gain when I let her outside and removed an anti-rodent mesh from the sub-basement. Over time, she found many hidey-holes, but spent most of her time curled up snoozing in the beat-up garage, sometimes on top of my carpeted DJ coffins or speakers. She did get used to coming in the house in order to feed and water, though, so I got used to her occasionally showing up inside, although she much preferred to enter via the window rather than crossing a doorjamb. So it was unusual to have Kanji curled up next to me, rubbing blood and pus all over my comforter from her ruined nose and ear because she just couldn’t quit being a kitten and, well, she wanted to communicate with me that she needed me.
I spent the last week with Kanji as an indoor cat. She had gotten skinny — skin and bones, really, so I plied her with wet fud and booted Brother out of the house so she could eat in peace. Lots of time was devoted to scratching her in all the right places, and gently, so when she would encourage me to rip the scabs off of her nose and ear to drain the grisly shit that was going on underneath, my fingers could dance around it. She peed on everything and I didn’t give a fuck; that Thursday she came in the house, I promised her that I would take care of this once and for all, and so we hung out hard-core: nerding it up while I solved Halo: Reach on Legendary mode with her next to me for good luck; watching Netflix Kung Fu movies until 4 in the morning on school nights; hand-feeding her American cheese slices and black forest ham on her Mexican blanket on the couch and hearing her little “om nom nom” noises; waking up in the middle of the night as she decided that she wanted to sleep closer to me, so she would carefully crawl on to my chest or between my calves and pretend like she had always been there. Kanji was fiercely independent, but she knew better than I what time it was.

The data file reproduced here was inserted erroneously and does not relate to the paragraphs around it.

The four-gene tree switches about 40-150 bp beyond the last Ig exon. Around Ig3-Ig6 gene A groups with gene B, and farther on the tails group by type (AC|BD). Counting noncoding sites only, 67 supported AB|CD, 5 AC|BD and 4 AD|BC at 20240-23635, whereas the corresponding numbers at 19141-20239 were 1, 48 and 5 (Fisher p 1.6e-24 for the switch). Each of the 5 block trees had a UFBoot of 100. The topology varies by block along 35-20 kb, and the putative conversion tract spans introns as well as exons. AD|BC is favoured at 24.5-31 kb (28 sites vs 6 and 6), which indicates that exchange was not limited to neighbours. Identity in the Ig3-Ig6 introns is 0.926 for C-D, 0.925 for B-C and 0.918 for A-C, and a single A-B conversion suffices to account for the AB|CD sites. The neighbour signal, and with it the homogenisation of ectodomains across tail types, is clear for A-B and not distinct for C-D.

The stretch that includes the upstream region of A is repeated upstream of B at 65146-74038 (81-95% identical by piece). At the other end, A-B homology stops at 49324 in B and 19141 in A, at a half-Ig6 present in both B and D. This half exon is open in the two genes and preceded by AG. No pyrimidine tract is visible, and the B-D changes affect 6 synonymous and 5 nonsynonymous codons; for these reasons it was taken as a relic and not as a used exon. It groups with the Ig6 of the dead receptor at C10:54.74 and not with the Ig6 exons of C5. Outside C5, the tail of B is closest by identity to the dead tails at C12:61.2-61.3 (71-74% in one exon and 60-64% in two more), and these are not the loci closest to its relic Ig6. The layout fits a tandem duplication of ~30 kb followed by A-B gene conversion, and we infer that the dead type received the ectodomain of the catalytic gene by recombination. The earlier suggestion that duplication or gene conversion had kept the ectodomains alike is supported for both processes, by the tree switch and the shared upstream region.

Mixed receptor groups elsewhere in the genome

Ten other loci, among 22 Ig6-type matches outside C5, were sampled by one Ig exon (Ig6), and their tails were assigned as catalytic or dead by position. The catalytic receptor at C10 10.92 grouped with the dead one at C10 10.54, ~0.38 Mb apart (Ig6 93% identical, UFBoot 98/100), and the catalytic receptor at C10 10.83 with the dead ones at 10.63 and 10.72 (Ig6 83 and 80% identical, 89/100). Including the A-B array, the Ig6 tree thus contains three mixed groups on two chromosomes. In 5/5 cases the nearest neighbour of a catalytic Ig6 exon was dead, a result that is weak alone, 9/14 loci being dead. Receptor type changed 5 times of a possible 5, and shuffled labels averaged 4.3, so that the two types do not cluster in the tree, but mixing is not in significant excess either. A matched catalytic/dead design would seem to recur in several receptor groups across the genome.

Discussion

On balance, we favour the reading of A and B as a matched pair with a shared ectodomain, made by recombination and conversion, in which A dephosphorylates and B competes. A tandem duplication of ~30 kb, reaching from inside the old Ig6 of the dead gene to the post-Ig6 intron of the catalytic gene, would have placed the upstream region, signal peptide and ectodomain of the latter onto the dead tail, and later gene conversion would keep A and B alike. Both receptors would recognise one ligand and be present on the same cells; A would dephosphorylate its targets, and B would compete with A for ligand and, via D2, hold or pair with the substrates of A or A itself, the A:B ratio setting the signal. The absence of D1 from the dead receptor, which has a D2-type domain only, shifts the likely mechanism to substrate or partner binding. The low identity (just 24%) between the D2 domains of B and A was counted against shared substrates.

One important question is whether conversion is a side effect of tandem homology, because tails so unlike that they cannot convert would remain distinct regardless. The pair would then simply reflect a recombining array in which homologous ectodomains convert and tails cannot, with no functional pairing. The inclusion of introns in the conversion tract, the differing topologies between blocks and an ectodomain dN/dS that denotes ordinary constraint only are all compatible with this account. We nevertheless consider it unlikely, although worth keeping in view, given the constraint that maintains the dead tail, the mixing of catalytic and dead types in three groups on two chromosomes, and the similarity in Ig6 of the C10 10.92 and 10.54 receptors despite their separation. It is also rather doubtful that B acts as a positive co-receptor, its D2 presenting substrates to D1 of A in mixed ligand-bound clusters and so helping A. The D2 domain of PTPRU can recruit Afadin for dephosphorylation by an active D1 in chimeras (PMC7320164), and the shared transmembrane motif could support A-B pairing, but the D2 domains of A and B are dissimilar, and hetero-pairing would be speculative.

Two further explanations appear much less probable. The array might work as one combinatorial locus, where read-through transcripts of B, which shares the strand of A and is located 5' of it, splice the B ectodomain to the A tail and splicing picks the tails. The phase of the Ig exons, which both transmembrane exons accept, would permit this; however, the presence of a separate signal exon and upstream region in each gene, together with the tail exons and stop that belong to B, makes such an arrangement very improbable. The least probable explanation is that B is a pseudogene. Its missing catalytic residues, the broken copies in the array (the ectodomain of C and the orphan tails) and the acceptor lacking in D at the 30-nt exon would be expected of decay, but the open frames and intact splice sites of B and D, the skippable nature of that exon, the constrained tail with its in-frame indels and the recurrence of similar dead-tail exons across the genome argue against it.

I took Kanji to Heather at Cabrillo Vet four or five months ago to find out what was wrong with the persistent scabs on her ear and nose. Heather and her whole staff, by the way, are the greatest lovers of animals on the planet. Referring to me as “Dad”, Heather told me several months ago that this was fast-moving, untreatable skin cancer, and as tears welled up in my eyes, she informed me that Kanji had 1-6 months to live. Today I took Kanji back to Cabrillo and Heather to put her down. Over the last week, I would come home from work at GreenHouse, drop my heavy backpack of tech, and go looking for her. I was worried that Kanji would try some disappearing bullshit on me. At first, I would find her laid out on the couch somewhere, but as this last week went by, I would have minor panic attacks and search the yard fruitlessly, thinking that Kanji either couldn’t get back in the window or that she was trying some dumb “I’m just going to disappear” ploy. She was always inside the house, but these last three days, she was so embarrassed with her incontinence and appearance, she found a secret spot in my back closet where she would hide until I coaxed her out of it and encouraged her back to the couch. Usually, this involved playing Lady Gaga tunes and putting fresh food in her bowl; she loves teh Gaga while she delicately ate while trying not to bang her scabby nose into the kibble.